Should You Start a Sugar Fast?
If you've been diagnosed with insulin resistance or pre-diabetes, you know that cutting the sugar in your diet can really improve your health. But you don't need a diagnosis to benefit from a sugar fast.
What is a Sugar Fast?
Sugar fasts mean different things to different people. Some like to eat only low glycemic foods for a period of time, while others strike almost all dietary sugar from their intake.
The glycemic diet is the most common and least painful form of sugar fasting. It provides a balanced variety of foods with low sugar content, but allows healthy carbs in the form of whole grains, fruits and vegetables.
The Benefits of Sugar Fasting
Metabolic syndrome, a combination of medical conditions caused by chronically high glucose levels, can be improved by eating a low-sugar weight loss diet. By controlling metabolic syndrome, you can decrease your chances of developing heart disease.
Some individuals credit sugar fasts for reducing their insulin resistance and bringing their blood sugar under control. Many women find relief from polycystic ovary syndrome after cutting sugar from their diets.
Some other benefits of sugar fasts include reduced hunger, fewer sweet cravings, higher energy levels, and rapid weight loss.
The Perils of Sugar Fasting
Most people feel much better after completing a sugar fast. There are a few symptoms to watch out for, though.
When you begin, your sugar cravings will be at an all-time high. As your body adjusts to the lower level of sugar, you might experience fatigue, headaches, or irritability. These symptoms typically disappear by the third day of the sugar fast.
Some people, such as insulin-dependent diabetics, need to consult a doctor before starting a sugar fast. Cutting too much sugar from the diet could result in dangerously low glucose levels for these individuals.
Foods to Avoid
During your fast, you will want to avoid all sugary sweets and refined carbohydrates like white bread. That includes crackers, tortillas, or any product made from white flour. Very sugary fruits, like bananas, should also be avoided as these are common mistakes that make you fat.
Read labels carefully to weed out hidden sugars. Any ingredient ending in "-ose", like dextrose or fructose, can potentially raise your glucose level and undo your hard work. Corn syrup is another sugary addition to many snacks.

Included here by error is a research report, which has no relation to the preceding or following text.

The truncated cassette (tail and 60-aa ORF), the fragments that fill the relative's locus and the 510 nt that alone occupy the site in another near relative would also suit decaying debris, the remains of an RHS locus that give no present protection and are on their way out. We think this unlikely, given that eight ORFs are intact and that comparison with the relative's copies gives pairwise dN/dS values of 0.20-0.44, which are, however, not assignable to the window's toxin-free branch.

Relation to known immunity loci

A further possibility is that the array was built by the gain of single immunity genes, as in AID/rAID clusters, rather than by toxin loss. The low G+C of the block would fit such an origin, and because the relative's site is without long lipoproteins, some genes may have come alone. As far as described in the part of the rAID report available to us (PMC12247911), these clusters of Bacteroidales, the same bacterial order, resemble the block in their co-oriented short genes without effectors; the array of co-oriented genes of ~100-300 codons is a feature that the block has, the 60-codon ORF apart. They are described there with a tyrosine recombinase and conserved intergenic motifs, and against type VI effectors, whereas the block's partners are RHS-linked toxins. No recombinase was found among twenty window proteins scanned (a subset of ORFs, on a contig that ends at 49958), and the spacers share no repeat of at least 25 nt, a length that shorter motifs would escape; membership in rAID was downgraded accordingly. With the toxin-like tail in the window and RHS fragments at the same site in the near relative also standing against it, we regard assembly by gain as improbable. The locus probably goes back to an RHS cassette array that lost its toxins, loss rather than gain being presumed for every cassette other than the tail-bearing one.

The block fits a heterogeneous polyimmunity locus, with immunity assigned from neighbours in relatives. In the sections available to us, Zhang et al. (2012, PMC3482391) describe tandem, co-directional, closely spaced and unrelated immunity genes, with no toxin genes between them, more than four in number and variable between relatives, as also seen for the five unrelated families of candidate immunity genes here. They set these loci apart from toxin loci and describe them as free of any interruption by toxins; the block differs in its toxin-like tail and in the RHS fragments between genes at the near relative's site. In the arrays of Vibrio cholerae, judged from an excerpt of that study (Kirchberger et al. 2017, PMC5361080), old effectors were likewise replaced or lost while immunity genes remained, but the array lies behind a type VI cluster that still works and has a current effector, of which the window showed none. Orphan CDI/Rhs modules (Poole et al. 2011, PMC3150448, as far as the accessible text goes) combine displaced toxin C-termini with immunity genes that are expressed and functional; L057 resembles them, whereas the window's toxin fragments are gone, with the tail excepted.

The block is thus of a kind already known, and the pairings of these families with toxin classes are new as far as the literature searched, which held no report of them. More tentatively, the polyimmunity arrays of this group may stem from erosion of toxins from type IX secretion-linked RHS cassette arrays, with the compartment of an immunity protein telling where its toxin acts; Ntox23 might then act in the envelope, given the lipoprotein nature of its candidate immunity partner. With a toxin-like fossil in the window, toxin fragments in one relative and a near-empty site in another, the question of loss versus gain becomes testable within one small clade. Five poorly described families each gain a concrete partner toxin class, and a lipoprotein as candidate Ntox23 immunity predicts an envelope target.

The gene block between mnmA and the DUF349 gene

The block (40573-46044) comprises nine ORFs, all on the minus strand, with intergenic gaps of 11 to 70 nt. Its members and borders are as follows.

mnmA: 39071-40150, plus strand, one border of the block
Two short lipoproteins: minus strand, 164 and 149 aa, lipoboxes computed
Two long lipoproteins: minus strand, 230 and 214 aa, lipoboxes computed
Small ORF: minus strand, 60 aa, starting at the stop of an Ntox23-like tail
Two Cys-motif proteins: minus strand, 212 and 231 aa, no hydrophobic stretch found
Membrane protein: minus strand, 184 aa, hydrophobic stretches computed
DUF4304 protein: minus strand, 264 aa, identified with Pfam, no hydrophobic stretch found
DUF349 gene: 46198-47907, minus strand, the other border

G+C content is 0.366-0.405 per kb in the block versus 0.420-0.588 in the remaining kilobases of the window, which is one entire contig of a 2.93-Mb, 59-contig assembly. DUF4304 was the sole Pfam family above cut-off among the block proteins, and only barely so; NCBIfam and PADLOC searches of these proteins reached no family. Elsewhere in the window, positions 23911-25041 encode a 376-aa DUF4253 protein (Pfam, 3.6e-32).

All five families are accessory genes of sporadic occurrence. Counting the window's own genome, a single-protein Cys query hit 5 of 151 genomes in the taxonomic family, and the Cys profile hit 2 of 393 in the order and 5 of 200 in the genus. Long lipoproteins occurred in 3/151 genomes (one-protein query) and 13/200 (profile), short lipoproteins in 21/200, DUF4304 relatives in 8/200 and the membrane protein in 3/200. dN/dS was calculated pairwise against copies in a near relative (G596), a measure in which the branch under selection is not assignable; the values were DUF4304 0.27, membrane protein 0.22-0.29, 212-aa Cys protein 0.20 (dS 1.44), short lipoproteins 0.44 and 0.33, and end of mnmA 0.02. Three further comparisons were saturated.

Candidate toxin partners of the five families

Instead of drinking fruit juices, eat low-glycemic fruits like cantaloupe and berries. You will get a much smaller dose of sugar, along with extra fiber to keep your glucose stable.
How Long Should You Fast?
While short-term sugar fasts can break a sugar addiction, going low-glycemic for life can bring major health benefits. Make changes you can live with, that don't leave you feeling too deprived.
If you have a sweet craving, use a natural sweetener like stevia. It will add sweetness to your food without raising your blood sugar level. And remember, after a few days without sugary treats, your cravings will dramatically decrease.
Ready, Set, Fast!
If you decide to start a sugar fast, weigh and measure yourself on the first morning. You will lose an amazing amount of water weight and inches during your fast, simply because you're giving up many foods that make you bloated.
Over time, your stable blood sugar levels will encourage your body to let go of its fat stores, resulting in a trimmer you!
You can find a list of low glycemic foods online. The popular South Beach diet is made up of low glycemic foods, and Phase 1 of the diet is designed to act like a sugar fast.
In general, you'll need to shop for plenty of lean meats and a variety of low-glycemic berries. Add low-fat cheese, milk, and yogurt (sugar free!) for calcium.
Your carbohydrates will mostly come from whole grains, brown rice, sweet potatoes, and bulky green vegetables. Nuts of all sorts make great snacks during a sugar fast.
Whether you reduce your sugar intake for a week or for life, your body will thank you for clearing out the rubbish and replacing it with nourishing fuel.